I rise, Sir, to give a Notice of importance. On Mon- 1073 day next, it is my intention to propose a Vote of Credit for the purpose of enabling Her Majesty to strengthen her Forces in the Mediterranean. Supposing that Vote to be granted we shall ask the House immediately thereafter to proceed with the Tax Bill for the year, in which we shall propose a modification intended to make a provision for meeting the charge which the Vote of Credit will entail. Of course, it will be open to hon. Gentlemen to make any observations on this modification they may please. Having given this Notice, I wish to make a strong appeal to the House with respect to the multitude of Questions relating to Egyptian affairs now put down on the list to be addressed to the Government, in the hope that with the prospect before them they will not put these Questions. I hope it will be understood that I do this not upon any ground of inconvenience to the Government, because that is a limited and insignificant matter, but because I am quite convinced with my Colleagues that putting Questions of that kind, in great multitudes and from many quarters, not merely when it is done in restrained terms by Gentlemen who have been responsible for the conduct of public affairs, but when it is done in the extensive manner—on which I do not pronounce any blame—which has of late, perhaps naturally, grown up, leads to inferences being drawn and impressions created which tend to weaken the action of, I might almost say, public law and authority with regard to this important question, and is undoubtedly very injurious to the public interests. I am desirous to make this appeal, rather than fall back upon what becomes an exceedingly odious task if it is to be many times repeated—namely, the right of the Minister to say that a reply to this and that Question would be injurious to the public interests. In making this appeal—which I hope is not an invidious one—I beg to except from it any Questions which may be put with regard to any account which may have appeared in the newspapers, or reached this country in regard to any new fact of great public interest or importance which may be said to have occurred. I ought, perhaps, to mention to the House that a despatch reached the Government to-day, from which it appears that the Sultan has agreed to join the Conference. He has accepted, 1074 and, therefore I presume, may be at present considered actually a participant in the Conference; but the terms of the despatch do not contain any direct reference as to the sending of troops to Egypt. I mention this as a matter of fact. Of course, it would not be right to withhold intelligence of that kind; but I trust that as regards argumentative Questions and Questions of inference, the appeal which I have made may not be without effect. I may say that on Saturday I shall give Notice of the precise amount of the Vote of Credit.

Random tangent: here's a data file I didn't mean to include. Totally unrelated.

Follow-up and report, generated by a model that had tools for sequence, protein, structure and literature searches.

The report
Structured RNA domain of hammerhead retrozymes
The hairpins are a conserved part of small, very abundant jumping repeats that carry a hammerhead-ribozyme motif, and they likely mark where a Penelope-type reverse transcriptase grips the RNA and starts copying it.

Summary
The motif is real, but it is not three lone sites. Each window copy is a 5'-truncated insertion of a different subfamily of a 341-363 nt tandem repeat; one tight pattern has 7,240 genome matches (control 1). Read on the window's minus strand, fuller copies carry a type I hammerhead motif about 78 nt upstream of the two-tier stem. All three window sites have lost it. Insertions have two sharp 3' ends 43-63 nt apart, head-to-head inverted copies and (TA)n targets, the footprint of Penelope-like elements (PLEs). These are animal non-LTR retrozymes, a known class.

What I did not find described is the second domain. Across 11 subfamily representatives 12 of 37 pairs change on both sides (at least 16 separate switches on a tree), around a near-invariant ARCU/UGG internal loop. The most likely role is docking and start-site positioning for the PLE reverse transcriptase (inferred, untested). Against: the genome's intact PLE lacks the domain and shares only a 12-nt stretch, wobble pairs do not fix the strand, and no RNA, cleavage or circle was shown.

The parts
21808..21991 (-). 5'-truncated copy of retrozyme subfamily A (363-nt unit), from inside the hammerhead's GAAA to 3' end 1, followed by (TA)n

§ MR. BOURKE
As I have the first Question on the Paper with respect to Egypt, I beg to say that after the observations of the right hon. Gentleman I will willingly accede to his request, provided, of course, it is not wished by the Government that I should ask the Question; but as I believe it is one which would be rather a help to the Government than the reverse, I leave it on the Paper now, and will put it to the hon. Baronet, on the understanding, of course, that I do not press for an answer if he does not desire it?
§ SIR CHARLES W. DILKE
If the right hon. Member will ask the Question when it is reached, it is the wish of the Secretary of State for Foreign Affairs that it should be answered.
MR. JOSEPH COWEN
I beg to ask the Prime Minister a Question with respect to the Vote of Credit of which he has given Notice. I understand the right hon. Gentleman to say that, on Saturday, he will inform the House of the amount of that Vote. I wish to ask whether in doing so he will convey information to the House as to how the Vote will be applied—whether it is intended for the Suez Canal or for the general occupation of Egypt?
I think the amount of the Vote is the only point upon which it is usual to give Notice. Explanations as to the purpose for which the Vote is to be taken will arise upon the statement that the Government may make when they introduce the Vote.